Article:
'This Week': Olympics Alarm

Counterterrorism and Intelligence subcommittee chair Rep. Peter King, R-N.Y., discusses Sochi Olympics security.
3:00 | 01/26/14

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Transcript for 'This Week': Olympics Alarm
Good morning, welcome to "This week." Olympics alarm. Terror threats. Emergency evacuation plans. The state department issues a brand new travel alert. And a warning to our athletes not to look too American. Is sochi safe? What if terror strikes? This morning, Martha Raddatz with the breaking details. Then make or break moment -- Mr. Speaker, the president of the United States. Stage is set for president Obama's state of the union. Powerhouse roundtable takes it on. Plus, shocking scandal. How lavish tastes brought down a power couple. Clinton's cover making waves. And Mitt Romney -- I can't believe you're going to lose. Yeah. Stealing the sundance spotlight. All right here this Sunday morning. Hello, I'm Jonathan Karl. Great to have you with us. Much to cover. Including later, white house press secretary jay carney. We go head-to-head every day in the white house briefing room. Occasionally it gets a little heated. These memos say at the end of the day we are all stuck in the same queue because we have to go through the same portals. Jon, I get did, but the person who calls isn't the one who continues to wait after the paper application is filled. We'll see what happens with jay joining us shortly for his first Sunday show interview. But we begin with an olympic alert. New warnings about security in sochi. Straight to Martha Raddatz from the middle east. Reporter: Good morning, Jon. With opening ceremonies only 12 days away, Russia, and indeed, the world, are on high alert. The U.S. State department issued a new travel advisory Friday noting the possible presence of so-called black widow suicide bombers in sochi. It followed new threats this week vowing attacks on the games with the potential female suicide bombers still at large. Retired lieutenant general Michael Barbaro who led efforts to prevent terrorist bomb attacks explained the tough task facing Russian authorities. They have to try to defeat the toughest ied challenge there is. The suicide bomber in a crowd. No silver bullet, no technology, some facial recognition, body scanning. But it's not full-proof. Reporter: Some olympians are taking no chances. One U.S. Speed skater advising his family not to make the trip to sochi. He wanted us to stay home so that he wouldn't have to worry about us. One less thing to be concerned about. Reporter: Diplomatic security agents will accompany U.S. Athletes to all events. And the U.S. Olympic committee warned athletes not to wear U.S. Gear outside olympic venues to avoid being targeted. The only thing I said to the family was bring a jacket that doesn't scream America. Reporter: And while Russia takes the lead on securing sochi, the U.S. Has repeatedly offered its assistance. FBI agents will be on the ground during the games, and two U.S. Navy ships will be in the nearby black sea. Whatever we can do, we want to do to help. Reporter: But one informal request by Russia's top general to joint chiefs chairman martin Dempsey for American roadside bomb jamming technology may go unheeded. As far as jamming technology, we're not going to share that. Reporter: Why not? Because it's very closely held. If you understood it, you could defeat it. Reporter: The key to stopping a terror attack is intelligence. Russia, the U.S. And others are sharing whatever possible. But like anything else, it is not perfect.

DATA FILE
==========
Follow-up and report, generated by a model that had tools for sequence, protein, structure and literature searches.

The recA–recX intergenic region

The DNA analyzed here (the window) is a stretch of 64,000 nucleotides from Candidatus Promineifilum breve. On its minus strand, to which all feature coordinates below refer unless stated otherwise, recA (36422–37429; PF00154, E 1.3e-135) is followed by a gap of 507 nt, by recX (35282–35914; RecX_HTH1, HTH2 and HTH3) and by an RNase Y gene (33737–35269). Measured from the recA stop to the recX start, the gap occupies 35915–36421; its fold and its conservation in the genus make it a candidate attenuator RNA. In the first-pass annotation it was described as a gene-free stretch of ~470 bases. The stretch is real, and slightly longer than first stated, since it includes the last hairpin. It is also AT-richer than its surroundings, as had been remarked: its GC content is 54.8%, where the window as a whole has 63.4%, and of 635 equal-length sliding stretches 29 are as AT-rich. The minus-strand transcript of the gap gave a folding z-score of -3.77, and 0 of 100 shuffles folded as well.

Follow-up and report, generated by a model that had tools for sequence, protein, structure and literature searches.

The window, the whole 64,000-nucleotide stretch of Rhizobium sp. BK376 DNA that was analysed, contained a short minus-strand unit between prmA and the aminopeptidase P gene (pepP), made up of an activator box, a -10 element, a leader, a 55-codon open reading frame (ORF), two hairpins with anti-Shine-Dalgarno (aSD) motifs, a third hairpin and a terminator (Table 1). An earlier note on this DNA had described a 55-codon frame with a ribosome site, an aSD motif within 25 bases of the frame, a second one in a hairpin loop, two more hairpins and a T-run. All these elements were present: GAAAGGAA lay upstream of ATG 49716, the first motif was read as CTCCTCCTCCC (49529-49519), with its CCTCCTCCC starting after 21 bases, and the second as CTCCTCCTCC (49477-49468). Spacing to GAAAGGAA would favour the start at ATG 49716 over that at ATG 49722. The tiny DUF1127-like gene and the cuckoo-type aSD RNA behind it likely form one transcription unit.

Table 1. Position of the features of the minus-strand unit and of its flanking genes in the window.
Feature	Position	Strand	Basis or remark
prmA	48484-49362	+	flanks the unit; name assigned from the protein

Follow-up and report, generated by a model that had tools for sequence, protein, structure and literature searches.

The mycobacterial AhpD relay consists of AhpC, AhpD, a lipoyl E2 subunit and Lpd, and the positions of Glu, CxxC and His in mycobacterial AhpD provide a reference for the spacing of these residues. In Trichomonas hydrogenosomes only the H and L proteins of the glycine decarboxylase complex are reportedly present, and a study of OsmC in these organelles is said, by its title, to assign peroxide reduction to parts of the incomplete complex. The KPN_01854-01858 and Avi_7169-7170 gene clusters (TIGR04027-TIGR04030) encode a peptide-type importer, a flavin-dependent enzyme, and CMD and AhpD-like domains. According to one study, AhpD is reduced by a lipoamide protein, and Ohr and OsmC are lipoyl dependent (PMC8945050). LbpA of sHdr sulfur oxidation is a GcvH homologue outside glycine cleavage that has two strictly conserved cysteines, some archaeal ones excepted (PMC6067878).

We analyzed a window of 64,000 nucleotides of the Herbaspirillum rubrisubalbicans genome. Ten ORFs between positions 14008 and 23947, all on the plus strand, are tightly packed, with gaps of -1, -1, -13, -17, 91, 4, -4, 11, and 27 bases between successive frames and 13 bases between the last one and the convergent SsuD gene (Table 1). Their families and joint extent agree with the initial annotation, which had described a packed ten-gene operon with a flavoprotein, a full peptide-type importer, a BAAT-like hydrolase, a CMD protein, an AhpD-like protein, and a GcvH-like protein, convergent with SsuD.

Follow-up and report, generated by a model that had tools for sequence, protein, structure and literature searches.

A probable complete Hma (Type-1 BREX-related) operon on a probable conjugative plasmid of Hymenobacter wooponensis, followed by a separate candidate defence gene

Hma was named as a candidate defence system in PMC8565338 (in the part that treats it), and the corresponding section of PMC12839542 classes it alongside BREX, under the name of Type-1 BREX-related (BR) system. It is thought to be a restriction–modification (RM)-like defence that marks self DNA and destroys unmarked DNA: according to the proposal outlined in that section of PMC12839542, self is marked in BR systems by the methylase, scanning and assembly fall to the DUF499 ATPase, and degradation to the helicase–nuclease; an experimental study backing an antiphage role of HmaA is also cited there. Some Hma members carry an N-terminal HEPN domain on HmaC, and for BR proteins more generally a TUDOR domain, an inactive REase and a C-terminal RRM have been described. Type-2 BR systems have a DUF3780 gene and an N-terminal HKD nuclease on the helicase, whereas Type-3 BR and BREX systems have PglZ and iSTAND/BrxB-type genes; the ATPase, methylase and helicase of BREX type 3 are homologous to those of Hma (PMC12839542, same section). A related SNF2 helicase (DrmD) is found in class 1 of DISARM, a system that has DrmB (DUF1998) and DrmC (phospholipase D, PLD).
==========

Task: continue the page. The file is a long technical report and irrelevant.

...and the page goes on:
This transcript has been automatically generated and may not be 100% accurate.

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